A few weeks before my husband and I were married, we signed a contract to live in our first place together. It was a tiny, 600 square foot, single bedroom apartment. When we moved in we were so dirt poor we purchased a table but couldn’t afford the chairs. As a poor student and a starving artist couple, we didn’t even have the funds to finance a couch. Luckily, we found one in a neighboring dumpster. We cleaned it up and proudly placed it in our living room. This was our first home. This apartment was our dream home.
Our first apartment was my dream home because that’s were Aaron and I spent so much time together as newly weds. We learned how to live together, we learned that marriage is compromise, we learned that marriage is work, but the absolute best kind of work. We learned to lean on each other when school was hard, when work was hard, when life was hard. That 600 square foot apartment was filled with a lot of love. And love is what creates dream homes.
Our next home, from a strictly material perspective, was a major upgrade from our first apartment. Aaron was fresh out of school. We had a steady income and were able to rent a beautiful home in a lovely neighborhood. I thought it was the greatest accomplishment that we could afford to purchase a couch rather than dumpster dive for one. That home was also our dream home. In that place we decided it was time to expand our family and have our first child. We experienced the excitement of a positive pregnancy test there and nine months later brought our first born home from the hospital there. We also experienced our first reality check of parenthood being equal parts demanding and rewarding in that home. I learned that parenthood would require so much of myself that I lost myself in that home. Luckily I quickly rebounded and found a better version of myself once I adjusted into my role as a mother there. In that home we learned to be strong and strength is what creates dream homes.
Our next home was surprisingly a down grade from our previous home. My husband decided to pursue a speciality in his field, which meant we traded our financially comfortable lifestyle for a financially frugal and humble student lifestyle again. We moved into a small 900 square foot house far away from our families. This place had crooked floors, a kitchen so small only one person could fit in it at a time and barely functioning appliances. That home was our dream home. I watched in awe as my husband accomplished his dreams, came into my own as a mother and expanded our family from three to four there. In that home I learned that happiness is a state of mind worth fighting for and happiness is what creates dream homes.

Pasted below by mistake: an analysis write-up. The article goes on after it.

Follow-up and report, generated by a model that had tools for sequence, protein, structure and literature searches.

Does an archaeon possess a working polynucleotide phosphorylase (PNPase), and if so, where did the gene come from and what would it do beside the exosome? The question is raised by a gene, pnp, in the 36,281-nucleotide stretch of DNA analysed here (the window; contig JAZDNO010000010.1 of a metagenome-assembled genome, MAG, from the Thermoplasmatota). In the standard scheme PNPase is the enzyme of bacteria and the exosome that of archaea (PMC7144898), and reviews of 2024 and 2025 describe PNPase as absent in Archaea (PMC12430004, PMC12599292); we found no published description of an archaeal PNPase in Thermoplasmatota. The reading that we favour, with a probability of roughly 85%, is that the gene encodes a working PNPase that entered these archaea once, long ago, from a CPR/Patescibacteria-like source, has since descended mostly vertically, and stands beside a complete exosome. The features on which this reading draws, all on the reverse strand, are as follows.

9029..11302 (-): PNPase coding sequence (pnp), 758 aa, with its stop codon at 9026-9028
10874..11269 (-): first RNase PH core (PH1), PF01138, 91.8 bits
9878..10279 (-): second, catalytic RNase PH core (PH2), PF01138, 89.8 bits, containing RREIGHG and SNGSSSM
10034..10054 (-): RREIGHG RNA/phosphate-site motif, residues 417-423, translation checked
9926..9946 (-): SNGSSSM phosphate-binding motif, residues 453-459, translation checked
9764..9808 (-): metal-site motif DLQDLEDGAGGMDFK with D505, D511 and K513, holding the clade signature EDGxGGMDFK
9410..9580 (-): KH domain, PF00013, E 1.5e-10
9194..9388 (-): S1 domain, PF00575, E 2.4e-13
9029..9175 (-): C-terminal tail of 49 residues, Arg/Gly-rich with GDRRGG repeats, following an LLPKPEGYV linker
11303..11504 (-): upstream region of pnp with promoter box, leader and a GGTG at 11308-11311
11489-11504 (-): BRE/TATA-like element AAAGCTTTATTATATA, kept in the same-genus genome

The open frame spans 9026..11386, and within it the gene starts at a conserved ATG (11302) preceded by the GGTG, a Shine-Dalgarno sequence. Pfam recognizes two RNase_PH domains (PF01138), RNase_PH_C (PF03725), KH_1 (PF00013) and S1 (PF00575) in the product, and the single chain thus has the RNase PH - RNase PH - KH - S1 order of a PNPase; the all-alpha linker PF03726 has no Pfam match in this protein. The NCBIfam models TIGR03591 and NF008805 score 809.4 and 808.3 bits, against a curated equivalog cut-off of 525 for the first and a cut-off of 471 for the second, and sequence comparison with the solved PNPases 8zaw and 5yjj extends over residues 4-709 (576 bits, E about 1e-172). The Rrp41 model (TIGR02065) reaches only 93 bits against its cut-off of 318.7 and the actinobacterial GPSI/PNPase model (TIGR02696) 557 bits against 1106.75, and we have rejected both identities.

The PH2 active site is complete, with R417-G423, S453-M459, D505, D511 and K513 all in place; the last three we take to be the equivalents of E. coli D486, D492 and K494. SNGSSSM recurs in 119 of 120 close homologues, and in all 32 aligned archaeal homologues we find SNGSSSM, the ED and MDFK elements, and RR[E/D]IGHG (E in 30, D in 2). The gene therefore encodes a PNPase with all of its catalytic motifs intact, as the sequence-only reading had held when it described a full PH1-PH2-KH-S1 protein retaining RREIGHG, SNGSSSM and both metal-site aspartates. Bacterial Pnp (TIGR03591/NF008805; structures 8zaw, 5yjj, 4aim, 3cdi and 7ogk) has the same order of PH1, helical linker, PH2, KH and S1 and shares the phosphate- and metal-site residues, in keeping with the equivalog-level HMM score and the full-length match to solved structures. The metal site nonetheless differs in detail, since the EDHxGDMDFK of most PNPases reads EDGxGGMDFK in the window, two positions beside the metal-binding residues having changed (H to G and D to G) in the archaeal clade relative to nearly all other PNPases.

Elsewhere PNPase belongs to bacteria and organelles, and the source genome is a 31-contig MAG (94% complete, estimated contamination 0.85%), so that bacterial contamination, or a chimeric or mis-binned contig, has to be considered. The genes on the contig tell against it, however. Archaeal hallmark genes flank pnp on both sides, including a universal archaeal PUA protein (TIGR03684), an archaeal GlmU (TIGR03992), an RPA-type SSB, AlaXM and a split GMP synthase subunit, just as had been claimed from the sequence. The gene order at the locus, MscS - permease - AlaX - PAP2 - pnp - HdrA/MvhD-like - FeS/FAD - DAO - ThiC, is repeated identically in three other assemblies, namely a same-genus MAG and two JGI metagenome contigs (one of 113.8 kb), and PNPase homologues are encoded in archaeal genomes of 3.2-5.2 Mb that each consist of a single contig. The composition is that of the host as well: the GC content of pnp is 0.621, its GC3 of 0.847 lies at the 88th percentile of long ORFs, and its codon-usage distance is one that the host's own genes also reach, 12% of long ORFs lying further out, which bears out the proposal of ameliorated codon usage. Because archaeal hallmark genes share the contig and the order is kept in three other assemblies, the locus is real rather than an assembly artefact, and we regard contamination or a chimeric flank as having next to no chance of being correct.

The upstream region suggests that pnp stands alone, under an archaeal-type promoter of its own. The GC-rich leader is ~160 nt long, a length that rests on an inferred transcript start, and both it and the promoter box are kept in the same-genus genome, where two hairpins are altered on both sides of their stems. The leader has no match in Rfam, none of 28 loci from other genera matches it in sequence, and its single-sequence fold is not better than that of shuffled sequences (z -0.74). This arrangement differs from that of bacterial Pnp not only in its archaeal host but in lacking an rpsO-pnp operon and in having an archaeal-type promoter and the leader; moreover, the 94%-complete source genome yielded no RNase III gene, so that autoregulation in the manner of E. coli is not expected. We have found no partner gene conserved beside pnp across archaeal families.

I remember the morning we moved out of the crooked floored, 900 square foot Kentucky house clear as day. I sat at the front window and wept like an inconsolable child. I was so sad to leave that dream home. That teeny tiny, barely functioning house was the host of so many tender, beautiful memories for my little family. Just like all of our previous homes, a piece of my heart stayed there. Luckily, at this point I realized a house and a home are two completely different things. A house is basic shelter: a mass of stucco, brick and concrete. A home is the heart and soul of a family. And that dream home I had spent so many years tirelessly building with my husband and my children would follow us wherever we went because homes, unlike houses, are intangible. Homes are the memories and love we happen to create (oftentimes) in a house.
This weekend we closed on our first house. After more than a decade of intense schooling, hard work and a lot of financial sacrifice, we finally have a space to call our own. We are thrilled to build a space of love, strength and happiness and to create beautiful memories within the walls of our first house as owners.
My husband and I were talking over minor cosmetic changes we would like to make to transform the new place into ‘our dream home’ the other night. But I quickly realized non of these paint colors or floor finishes mattered because we’ve had the dream home our whole marriage and what we have created and built as a family was bigger and better than anything any architect or contractor could build.